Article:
RealityScan – An End-User Usable 3D Scanning Pipeline

Realistic 3D content that is automatically reconstructed from photographs will not be flawless in the near future. It is therefore essential to automatically evaluate the quality of reconstructed scenes and point out errors to the users. This is especially true for end-users that have not been trained for 3D reconstructions and are thus more likely to capture unsuitable images that again produce flawed reconstructions. When reconstructing previously unknown scenes, evaluating a reconstruction must be done without 3D ground truth. However, 2D ground truth is always available, such as, i.e. within photographs of the scene. Renderings of a perfect reconstruction should be identical with the input images.

In the last year, we have worked on a project that realizes this idea: If a set of images is given, we separate it into a reconstruction and an evaluation set. In the next step, we feed the reconstruction set into a 3D reconstruction algorithm, render the resulting model from the viewpoints of the evaluation images and compute the difference between renderings and evaluation images. This procedure can be seen in Figure 1. As a result, we obtain an error score for the whole model that later can be compared, e.g., to the scores of other reconstruction algorithms. Additionally, it is possible to take the created difference images (Figure 1c) and project them back into the scene to obtain a graphic visualization of local reconstruction error as shown in Figure 2. This can, e.g., be used to show user areas, in which they need to take more photos in order to improve reconstruction quality. We experimentally analyzed our approach and evaluated how it relates to established error metrics that require 3D ground truth. Moreover, we implemented an online benchmark based on the same concept. Since the only precondition of our method is that once you investigate the reconstruction system, a production of renderings from novel viewpoints is possible, this benchmark allows us to directly compare image-based reconstruction and rendering systems. In the near future, we plan to go live with this benchmark and draw first conclusions from it.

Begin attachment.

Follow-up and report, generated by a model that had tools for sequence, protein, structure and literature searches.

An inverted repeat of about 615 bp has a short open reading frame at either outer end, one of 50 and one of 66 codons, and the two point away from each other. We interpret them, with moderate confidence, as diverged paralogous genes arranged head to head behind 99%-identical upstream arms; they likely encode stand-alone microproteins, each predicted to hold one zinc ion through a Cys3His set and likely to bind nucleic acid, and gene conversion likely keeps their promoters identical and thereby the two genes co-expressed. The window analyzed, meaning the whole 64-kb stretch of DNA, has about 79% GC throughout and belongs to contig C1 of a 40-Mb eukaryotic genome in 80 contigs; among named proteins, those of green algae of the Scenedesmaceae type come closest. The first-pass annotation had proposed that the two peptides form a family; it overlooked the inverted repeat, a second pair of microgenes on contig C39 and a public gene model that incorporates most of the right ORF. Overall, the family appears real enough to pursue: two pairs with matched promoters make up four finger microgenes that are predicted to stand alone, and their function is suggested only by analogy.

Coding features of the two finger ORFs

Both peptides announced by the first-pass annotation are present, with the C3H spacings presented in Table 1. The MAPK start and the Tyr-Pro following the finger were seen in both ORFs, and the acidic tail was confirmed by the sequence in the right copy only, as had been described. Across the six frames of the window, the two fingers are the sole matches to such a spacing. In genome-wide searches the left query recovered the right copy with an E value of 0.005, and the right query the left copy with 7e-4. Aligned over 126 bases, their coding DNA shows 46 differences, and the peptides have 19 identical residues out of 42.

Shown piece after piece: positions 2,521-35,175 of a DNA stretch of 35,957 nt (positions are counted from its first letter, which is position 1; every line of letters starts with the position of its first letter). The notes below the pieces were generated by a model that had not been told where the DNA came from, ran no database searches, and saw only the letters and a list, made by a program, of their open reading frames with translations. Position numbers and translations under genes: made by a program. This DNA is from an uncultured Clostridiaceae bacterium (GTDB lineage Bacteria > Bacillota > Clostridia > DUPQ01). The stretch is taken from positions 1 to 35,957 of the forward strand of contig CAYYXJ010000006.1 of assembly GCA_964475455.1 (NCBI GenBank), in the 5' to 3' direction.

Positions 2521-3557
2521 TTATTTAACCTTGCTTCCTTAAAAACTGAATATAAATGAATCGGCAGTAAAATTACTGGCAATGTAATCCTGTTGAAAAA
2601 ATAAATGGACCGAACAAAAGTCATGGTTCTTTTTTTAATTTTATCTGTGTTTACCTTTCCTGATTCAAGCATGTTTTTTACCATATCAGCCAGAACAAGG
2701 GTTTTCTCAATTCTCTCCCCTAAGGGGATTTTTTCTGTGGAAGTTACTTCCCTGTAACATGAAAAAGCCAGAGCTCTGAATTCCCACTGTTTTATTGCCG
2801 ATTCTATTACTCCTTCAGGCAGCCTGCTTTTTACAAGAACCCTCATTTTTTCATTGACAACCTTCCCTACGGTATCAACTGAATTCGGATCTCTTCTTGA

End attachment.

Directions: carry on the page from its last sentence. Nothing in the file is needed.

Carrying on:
Another project we worked on in the last year is a massively parallel solver for Markov random fields. Since many problems in computer vision (e.g., optical flow, stereo vision, texture acquisition, and global structure from motion) and computer graphics (e.g., mesh segmentation) boil down to global discrete optimization, Markov random fields become key tools in visual computing. Most often they are also the main bottleneck in a visual computing pipeline. Especially when applying them to real-world data, they frequently result in large and hence problematic sizes that cannot bet handled efficiently by any of the existing solvers, because they do not make full use of multi- or many-core systems. We developed a massively parallel algorithm that works on Markov random fields of arbitrary (potentially sparse and very large) structures, handles arbitrary energy term types and can even deal with label costs. Our implementations based on CUDA and Intel’s TBB successfully harness the power of modern multi-/many-core systems such as GPUs or Intel’s Xeon Phi, and outperform the speed of state-of-the-art solvers by two orders of magnitude on very large datasets: For example, in our 3D reconstruction texture acquisition framework [Waechter et al. 2014], we managed to downscale the optimization time from almost one hour to about one minute without reducing the quality of the results (see Figure 3). This speed improvement is remarkable, especially considering that our new solver is generic – even more general than most solvers – and is not geared to that particular application. We believe that our solver brings execution times of core algorithms in visual computing, amongst them algorithms that we employ in our RealityScan pipeline, much closer to durations that are acceptable for end-users.

Project Team

Principal Investigators
Prof. Dr.-Ing. Michael Goesele